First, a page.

Jeans and trousers

Four ways to wear tailored shorts

Four ways to wear tailored shorts

Menswear has grown increasingly casual in the last few years. In our eyes, that’s a wonderful thing. Though there’ll always be a place for suits in any wardrobe, downtime clothes have become not just acceptable, but stylish, where once they were sniffed at. Which means it’s now possible to be both comfortable and well-dressed, even in a heatwave.

Shorts, once considered suitable only for beaches and sports pitches, are now regularly spotted in offices. But freedom can bring challenges. How casual is too casual? And more to the point, how short is too short? As with everything in summer – when fewer clothes means less room for error – getting shorts right is all about nailing the basics.

“Tailored shorts are the style that works with everything,” says Thread stylist Alexander McCalla. They’ve got enough dressed-up details to feel smart – formal fabrics, foldover waistbands, belt loops – but because your knees are on show, they dress down, too. “They’re like suit trousers that have been snipped off. Which means they go with everything from a blazer to a t-shirt.”

The big shorts pitfalls are colour and cut. Tailored versions make it easier to dodge both because, when in doubt, you just take your cues from traditional tailoring. “They should fit slim, but not skinny, so there’s an inch or two of fabric around your thighs,” says Alexander. “That gives you space to move.” Length-wise, the sweet-spot sits a couple of centimetres above the knee, which is best for both your body temperature and dignity. Save the short-shorts for your summer holiday.

The best shorts slot into a variety of outfits without standing out. “Go for neutral colours that fit easily into a wardrobe of tailored separates,” says Alexander. “They’ll work with a blazer, but because they’re shorts, you can wear them super-casual too, with a tee and white trainers. They go both ways.” Although not all the way. “If you’re expected to wear a suit, do not wear a short suit.” It’s the quickest way to ruin an entire set of wedding photos.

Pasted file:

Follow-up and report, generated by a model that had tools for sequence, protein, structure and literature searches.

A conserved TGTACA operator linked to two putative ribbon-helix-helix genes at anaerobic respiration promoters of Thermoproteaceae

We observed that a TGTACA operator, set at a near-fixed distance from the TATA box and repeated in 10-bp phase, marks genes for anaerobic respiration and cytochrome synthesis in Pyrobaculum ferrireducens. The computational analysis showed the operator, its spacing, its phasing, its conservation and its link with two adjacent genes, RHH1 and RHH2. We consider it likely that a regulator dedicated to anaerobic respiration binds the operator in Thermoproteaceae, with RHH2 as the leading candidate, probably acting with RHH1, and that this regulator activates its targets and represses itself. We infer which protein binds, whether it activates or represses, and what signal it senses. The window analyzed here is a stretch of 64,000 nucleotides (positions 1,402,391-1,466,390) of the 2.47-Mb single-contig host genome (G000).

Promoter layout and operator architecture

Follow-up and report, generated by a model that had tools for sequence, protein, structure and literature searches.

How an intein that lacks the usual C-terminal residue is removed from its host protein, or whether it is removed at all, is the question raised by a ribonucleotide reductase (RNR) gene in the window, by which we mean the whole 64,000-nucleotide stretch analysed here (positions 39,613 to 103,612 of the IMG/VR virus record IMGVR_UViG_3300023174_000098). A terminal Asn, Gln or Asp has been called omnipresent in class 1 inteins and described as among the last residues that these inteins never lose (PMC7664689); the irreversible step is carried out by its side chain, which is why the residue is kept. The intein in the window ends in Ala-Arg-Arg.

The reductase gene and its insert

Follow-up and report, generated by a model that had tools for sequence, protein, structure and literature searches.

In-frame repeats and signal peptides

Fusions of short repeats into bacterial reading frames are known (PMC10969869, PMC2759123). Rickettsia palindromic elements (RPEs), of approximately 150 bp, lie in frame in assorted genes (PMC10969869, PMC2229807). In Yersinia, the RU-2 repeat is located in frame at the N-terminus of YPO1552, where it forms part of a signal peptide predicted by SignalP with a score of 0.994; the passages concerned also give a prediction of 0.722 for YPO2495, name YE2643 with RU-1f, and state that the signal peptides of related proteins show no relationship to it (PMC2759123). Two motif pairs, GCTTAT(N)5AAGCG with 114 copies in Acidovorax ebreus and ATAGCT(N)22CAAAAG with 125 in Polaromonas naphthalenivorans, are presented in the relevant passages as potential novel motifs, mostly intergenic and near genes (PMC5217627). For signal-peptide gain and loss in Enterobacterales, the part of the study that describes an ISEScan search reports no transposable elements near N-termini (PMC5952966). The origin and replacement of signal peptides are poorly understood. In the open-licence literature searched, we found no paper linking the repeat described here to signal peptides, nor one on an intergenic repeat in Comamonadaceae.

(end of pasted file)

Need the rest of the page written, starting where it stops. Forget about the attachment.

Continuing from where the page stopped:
For the no-plans weekend

Photographed: Paul Smith shorts (£175)Fred Perry short-sleeved shirt (£70)Casio watch (£30)

Camp collar shirts have been unavoidable this summer, and with good reason; they’re comfortable, distinctive and keep your look light but still smart. All things echoed by the right pair of tailored shorts. “This look is casual enough that you can wear it anywhere,” says Alexander, “but it’s sharp enough it that if you end up somewhere smarter, you won’t feel underdressed.”

For a day on your feet

Photographed: Paul Smith shorts (£175)H&M Editions denim jacket (£69.99)Sunspel striped t-shirt (£65); adidas Trainers (£85)

The denim jacket is the statement here, so let it stand out. Tailored shorts keep the look grounded, which means you can experiment with colour or pattern in the tee. “This is a good mooching round town look,” says Alexander. “It’s got casual elements but the feel of each individual piece is clean and crisp. The jacket is not distressed and is a smart, great fit, which elevates the whole thing and makes it feel contemporary.”

For work into the weekend

Photographed: Paul Smith shorts (£175)MVP pink shirt (£24)

If your work is the kind of place that lets you wear shorts in the summer, this is how to do it. “The Oxford shirt makes this outfit less casual and turns it into something you could wear throughout the week,” says Alexander. “But it’s also perfect for drinks with friends. Thanks to the boat shoes it would also work for a summer holiday city break too.”

For an event with an invitation

Photographed: Paul Smith shorts (£175)MVP linen blazer (£60)H&M Editions grandad-collar shirt (£49.99)Pier One loafers (£53.05)

A blazer and shorts might feel like an unusual combination, but it shouldn’t. It’s a great way to look smart, but still be summery. Just make sure you wear a jacket in a contrasting colour, to make sure no one thinks you’re wearing a short suit. “Finish it off with a grandad-collar shirt,” says Alexander. “It means there’s no space for a tie, so you avoid the schoolboy look.”

 

Words: Nadia Balame-Price